An Inside Look At Snap’s IPO Filing

An Inside Look At Snap’s IPO Filing

In a moment that many in the tech industry have been waiting for, Snap finally filed its public IPO papers Thursday, revealing a host of information about the notoriously secretive company. We dug through the filing and pulled out some of the more interesting tidbits, including revenue numbers and user growth numbers, as well as some surprising factoids, like unique information around voting shares.


Let’s jump in:

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The basics

The Los Angeles area company will be listing shares on the NYSE under the symbol SNAP, confirming rumors that broke early this week. The target amount for the offering is $3 billion, which is about 66% larger than the $1.8 billion it raised in its last private financing in May 2016.

Voting rights

In a surprising move that some caught wind of early, the Class A shares that will be issued via this IPO will not come with any voting rights—the company’s other two classes of shares, Class C and B, command 10 votes per share and one vote per share, respectively. While there are many companies that have non-voting shares, Snap claims its IPO will be the first to issue all non-voting shares on a US stock exchange.

Also disclosed in the doc is that the two co-founders, Evan Spiegel and Robert Murphy, control a substantial portion of the Class C stock, so much in fact that they potentially have the power to control any and all matters submitted for stockholder approval.

Although it’s not terribly uncommon for founders to format voting rights in such a way that they maintain control post-IPO (Mark Zuckerberg to this day can, for the most part, still do as he pleases), it’s extremely uncommon for companies to issue shares that hold no voting rights. It’s also revealed that if either co-founder is fired from the company, he would maintain his voting power.

Company metrics

Snap boasts 158 million daily active users that open its app an average of 18 times per day, spending an average of 25 to 30 minutes in total engaging with the app. Of those DAUs, 60% create Snaps with the camera every day, 60% use its chat service each day and 25% post to their “story” each day.

While 158 million DAUs is nothing to shake a stick at, Snap has been experiencing slowing growth in its user base, particularly following the launch of Instagram’s Stories, which may be concerning to some investors. In the last quarter of 2016, Snap added just 5 million new users globally, the smallest QoQ increase in over two years. What’s perhaps even more worrisome is that all the user growth in 4Q 2016 came from the US and Europe, with the company adding a none material number of new users in the rest of the world.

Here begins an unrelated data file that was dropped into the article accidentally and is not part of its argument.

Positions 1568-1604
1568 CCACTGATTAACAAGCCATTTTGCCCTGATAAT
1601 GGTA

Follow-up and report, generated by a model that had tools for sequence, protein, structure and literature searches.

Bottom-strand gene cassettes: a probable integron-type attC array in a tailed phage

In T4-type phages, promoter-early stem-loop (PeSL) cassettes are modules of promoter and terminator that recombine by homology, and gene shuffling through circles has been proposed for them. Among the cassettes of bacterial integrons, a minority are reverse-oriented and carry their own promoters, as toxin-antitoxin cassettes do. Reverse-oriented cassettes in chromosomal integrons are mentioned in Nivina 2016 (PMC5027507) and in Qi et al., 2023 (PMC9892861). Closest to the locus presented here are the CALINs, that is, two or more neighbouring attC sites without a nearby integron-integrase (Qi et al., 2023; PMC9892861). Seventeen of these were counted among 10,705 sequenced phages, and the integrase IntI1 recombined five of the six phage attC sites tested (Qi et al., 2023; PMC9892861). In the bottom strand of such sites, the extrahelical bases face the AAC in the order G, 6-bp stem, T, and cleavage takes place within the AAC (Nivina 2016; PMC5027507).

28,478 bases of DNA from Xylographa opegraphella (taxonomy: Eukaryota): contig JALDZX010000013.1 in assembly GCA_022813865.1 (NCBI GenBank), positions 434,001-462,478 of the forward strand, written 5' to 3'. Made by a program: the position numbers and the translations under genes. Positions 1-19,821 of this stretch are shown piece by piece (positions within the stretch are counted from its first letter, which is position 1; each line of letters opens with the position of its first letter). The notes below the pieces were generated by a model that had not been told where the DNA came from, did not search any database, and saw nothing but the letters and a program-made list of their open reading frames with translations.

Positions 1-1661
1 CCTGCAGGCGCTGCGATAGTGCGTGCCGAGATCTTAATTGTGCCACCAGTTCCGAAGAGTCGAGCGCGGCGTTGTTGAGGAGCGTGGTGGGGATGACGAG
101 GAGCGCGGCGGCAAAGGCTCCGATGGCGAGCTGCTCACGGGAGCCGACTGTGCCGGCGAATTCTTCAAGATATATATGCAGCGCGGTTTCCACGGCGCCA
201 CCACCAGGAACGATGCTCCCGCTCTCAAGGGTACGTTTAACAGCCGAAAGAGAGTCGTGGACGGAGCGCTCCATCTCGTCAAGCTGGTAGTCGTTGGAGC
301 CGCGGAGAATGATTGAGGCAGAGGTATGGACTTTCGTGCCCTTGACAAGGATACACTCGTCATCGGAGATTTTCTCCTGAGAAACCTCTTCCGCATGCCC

Snap recorded $405.5 million of revenue in 2016, representing a sizeable 590% increase from 2015. Average revenue per user last year sat at $1.05, up 3.4x YoY. That said, net loss is also on an upward trend, increasing from $372.9 million in 2015 to $514.6 million in 2016, 38% uptick.

From the filing: ” We have incurred operating losses in the past, expect to incur operating losses in the future, and may never achieve or maintain profitability.”



Snap’s co-founders, Spiegel and Murphy, each own 21.8% of the company. Early investors Benchmark Capital and Lightspeed Venture Partners own 12.7% and 8.3%, respectively.

According to the PitchBook Platform, other VC backers include General Catalyst, Institutional Venture Partners, SV Angel, Graph Ventures, Entrée Capital, New Enterprise Associates, GSV Capital and Kleiner Perkins Caufield & Byers.

Some nontraditional investors consist of Coatue Management, Grupo Arcano, GIC, Rizvi Traverse Management, Alibaba, Yahoo, York Capital Management and Fidelity Investments.

Other interesting factoids

  • Morgan Stanley and Goldman Sachs will lead the offering
  • Snap had 1,859 employees as of December 31
  • 2.5 billion snaps are created per day
  • Snap paid $150 million to acquire Looksery and $64.2 million for Bitstrips (it was rumored Snap paid $100 million for Bitstrips)
  • Snap has a $2 billion contract with Google Cloud, signed just Monday
  • Snap gave its chief strategy officer Imran Khan $145 million in stock awards in 2015, hiring him from Credit Suisse
  • Spiegel’s salary will drop from $500,000 to $1 (plus lots of bonuses, etc.) upon completion of its IPO
  • Snap wants to ‘significantly broaden the distribution of Spectacles’ in 2017
  • The company just recently established the Snap Foundation. After the offering, Snap and its co-founders pledged to donate up to 13,000,000 shares of our Class A common stock to the Snap Foundation over the course of the next 15 to 20 years. They anticipate “the proposed programs of the Snap Foundation will support arts, education, and youth.”

Check out some of our previous Snap coverage or learn more about the company in its free profile.

Article by Mikey Tom, PitchBook

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